Proms conductor says her family has been threatened amid 'Rule, Britannia!' controversy

Will Taylor
·News Reporter
·2 mins read
Conductor Dalia Stasevska has said her family has been threatened in the Proms fallout. (PA)
Conductor Dalia Stasevska has said her family has been threatened in the Proms fallout. (PA)
  • Conductor at centre of Rule Britannia colonialism row reveals she’s been threatened

  • Dalia Stasevska says BBC made decision to perform music without any words

  • Boris Johnson has described corporation’s decision as ‘wetness’

  • Visit the Yahoo homepage for more stories

Threats have been made to the conductor at the centre of the Last Night of the Proms controversy and her family, the musician has said.

Outrage in some quarters swelled after it emerged that Rule, Britannia! and Land of Hope and Glory were to be performed without the words.

It came after a Sunday Times report that organisers were concerned about the pieces’ perceived links to colonialism and slavery.

Finnish conductor Dalia Stasevska said there had been “a good deal of inaccurate speculation” about her role in deciding this year’s Proms format and the BBC has also insisted the corporation is the “decision maker”.

“This false speculation has led to abuse and threats towards me and my family which is why I am speaking out,” Stasevska said in a statement.

“For the record I have played no role in deciding the traditional elements of the programme, I recognise these are an important part of the event.

Read more: BBC defends Proms conductor after "unjustified personal attacks"

“I’ve been wrongly portrayed as a person who tries to influence political debates – this is not true. I am an artist, I want to be able to speak through my work to bring people together and build solidarity.”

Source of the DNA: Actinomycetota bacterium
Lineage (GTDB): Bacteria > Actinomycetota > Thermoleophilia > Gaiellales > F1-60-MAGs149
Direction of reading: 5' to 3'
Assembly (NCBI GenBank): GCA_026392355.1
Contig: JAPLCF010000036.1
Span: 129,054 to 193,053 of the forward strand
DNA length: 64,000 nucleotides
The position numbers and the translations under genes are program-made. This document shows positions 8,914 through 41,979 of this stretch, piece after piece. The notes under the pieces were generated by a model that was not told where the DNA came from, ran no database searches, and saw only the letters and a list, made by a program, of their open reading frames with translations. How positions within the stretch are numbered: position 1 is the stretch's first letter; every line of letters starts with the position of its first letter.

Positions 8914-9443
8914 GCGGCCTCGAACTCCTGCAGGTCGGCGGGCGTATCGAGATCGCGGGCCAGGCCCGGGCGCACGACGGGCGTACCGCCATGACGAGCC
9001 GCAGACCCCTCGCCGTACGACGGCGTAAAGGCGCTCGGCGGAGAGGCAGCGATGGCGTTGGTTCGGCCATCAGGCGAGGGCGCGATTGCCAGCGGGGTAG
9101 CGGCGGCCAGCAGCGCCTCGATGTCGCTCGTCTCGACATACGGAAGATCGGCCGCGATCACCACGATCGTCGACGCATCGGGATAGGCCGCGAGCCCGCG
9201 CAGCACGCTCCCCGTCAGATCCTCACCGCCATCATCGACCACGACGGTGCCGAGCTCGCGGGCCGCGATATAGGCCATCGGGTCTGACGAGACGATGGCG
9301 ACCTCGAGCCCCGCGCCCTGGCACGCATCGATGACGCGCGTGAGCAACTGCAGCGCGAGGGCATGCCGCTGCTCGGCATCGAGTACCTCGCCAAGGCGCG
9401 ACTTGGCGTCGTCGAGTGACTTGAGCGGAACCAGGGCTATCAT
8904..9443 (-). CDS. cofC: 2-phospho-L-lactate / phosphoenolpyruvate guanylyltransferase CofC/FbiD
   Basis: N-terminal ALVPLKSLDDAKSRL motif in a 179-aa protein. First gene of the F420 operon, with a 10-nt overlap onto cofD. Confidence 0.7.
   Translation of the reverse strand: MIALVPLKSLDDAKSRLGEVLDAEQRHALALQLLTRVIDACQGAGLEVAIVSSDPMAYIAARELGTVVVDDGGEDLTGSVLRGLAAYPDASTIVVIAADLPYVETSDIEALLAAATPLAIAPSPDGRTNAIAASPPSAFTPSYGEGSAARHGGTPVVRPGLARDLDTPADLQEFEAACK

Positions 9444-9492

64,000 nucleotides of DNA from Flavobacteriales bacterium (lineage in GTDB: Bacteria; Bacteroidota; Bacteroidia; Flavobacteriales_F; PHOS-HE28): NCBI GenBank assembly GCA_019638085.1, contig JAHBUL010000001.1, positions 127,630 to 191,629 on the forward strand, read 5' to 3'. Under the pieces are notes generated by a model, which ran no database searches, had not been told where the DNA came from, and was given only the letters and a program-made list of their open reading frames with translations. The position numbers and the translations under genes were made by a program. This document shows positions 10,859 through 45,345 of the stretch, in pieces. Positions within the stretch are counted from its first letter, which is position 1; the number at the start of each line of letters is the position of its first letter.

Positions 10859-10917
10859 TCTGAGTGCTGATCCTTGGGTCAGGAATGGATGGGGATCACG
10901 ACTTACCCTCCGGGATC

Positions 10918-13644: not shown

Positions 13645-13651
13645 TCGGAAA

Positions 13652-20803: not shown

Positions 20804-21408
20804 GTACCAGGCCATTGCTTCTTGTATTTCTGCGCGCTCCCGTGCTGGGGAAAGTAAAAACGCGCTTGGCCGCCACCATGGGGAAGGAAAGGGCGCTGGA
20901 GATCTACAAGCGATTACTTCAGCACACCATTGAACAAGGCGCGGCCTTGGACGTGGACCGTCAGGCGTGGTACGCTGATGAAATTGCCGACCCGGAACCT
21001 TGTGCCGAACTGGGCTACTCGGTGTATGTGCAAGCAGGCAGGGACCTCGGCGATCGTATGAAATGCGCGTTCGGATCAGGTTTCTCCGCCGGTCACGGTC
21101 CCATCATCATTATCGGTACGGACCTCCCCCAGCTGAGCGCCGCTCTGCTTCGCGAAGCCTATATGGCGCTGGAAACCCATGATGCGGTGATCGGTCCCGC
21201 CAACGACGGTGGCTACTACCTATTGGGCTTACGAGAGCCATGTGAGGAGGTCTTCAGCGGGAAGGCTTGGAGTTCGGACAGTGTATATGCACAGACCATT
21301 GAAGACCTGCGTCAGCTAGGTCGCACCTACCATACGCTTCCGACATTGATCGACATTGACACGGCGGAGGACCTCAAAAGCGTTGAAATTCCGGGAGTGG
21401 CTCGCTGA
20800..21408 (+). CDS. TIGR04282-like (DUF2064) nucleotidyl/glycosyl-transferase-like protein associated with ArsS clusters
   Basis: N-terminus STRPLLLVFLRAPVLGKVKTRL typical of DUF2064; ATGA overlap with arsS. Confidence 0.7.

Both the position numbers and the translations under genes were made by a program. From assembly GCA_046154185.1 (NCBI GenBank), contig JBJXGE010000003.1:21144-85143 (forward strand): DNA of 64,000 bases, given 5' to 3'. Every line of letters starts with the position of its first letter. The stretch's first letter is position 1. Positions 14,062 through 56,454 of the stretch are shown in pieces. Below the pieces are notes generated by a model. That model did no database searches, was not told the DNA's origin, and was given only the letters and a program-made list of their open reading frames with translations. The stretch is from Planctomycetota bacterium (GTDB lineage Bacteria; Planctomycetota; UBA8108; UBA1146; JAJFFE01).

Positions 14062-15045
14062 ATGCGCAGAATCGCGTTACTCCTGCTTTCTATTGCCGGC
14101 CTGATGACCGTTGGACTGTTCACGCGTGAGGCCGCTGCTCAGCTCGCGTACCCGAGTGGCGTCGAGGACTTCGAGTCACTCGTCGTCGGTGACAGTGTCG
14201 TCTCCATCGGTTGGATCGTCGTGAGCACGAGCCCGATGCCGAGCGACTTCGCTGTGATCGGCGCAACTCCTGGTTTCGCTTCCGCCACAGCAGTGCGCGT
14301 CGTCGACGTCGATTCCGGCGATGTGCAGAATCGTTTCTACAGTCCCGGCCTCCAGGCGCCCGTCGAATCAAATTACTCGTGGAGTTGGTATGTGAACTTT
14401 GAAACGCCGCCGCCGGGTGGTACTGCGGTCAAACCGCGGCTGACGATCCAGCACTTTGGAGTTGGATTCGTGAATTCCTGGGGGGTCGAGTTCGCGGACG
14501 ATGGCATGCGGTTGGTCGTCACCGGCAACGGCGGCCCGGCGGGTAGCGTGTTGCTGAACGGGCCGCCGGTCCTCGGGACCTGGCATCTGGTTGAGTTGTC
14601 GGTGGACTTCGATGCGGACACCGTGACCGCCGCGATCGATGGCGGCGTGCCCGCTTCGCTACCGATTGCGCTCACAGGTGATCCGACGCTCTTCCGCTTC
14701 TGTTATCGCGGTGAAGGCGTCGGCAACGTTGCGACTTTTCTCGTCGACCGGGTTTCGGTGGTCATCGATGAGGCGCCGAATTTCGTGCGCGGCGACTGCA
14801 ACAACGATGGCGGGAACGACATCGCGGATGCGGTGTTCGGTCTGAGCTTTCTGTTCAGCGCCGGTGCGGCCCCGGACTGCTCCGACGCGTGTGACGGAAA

The controversy about the music led to Boris Johnson intervening, saying earlier in the week he found the decision to drop the lyrics hard to believe.

Controversy has emerged after reports about two traditional pieces of music came out. (PA via AP)
Controversy has emerged after reports about two traditional pieces of music came out. (PA via AP)

“I think it’s time we stopped our cringing embarrassment about our history, about our traditions, and about our culture, and we stopped this general bout of self-recrimination and wetness,” he said.

Stasevska said she did not want to “enter the public debate” and has a “fondness and respect for the UK”, which she described as “such an inspiring place to work”.

A BBC spokesperson said: “Of course people can choose to debate the artistic decision the BBC made during a pandemic, but what isn’t right is to make personal attacks on artists.

“We are very lucky to have a Proms at all this year and that is down to the artists that have made it possible. They should be praised.

“As we have always made clear, it is the BBC that is the decision maker. No one else. Hopefully we can all start focusing on the music which is about bringing us all together.”

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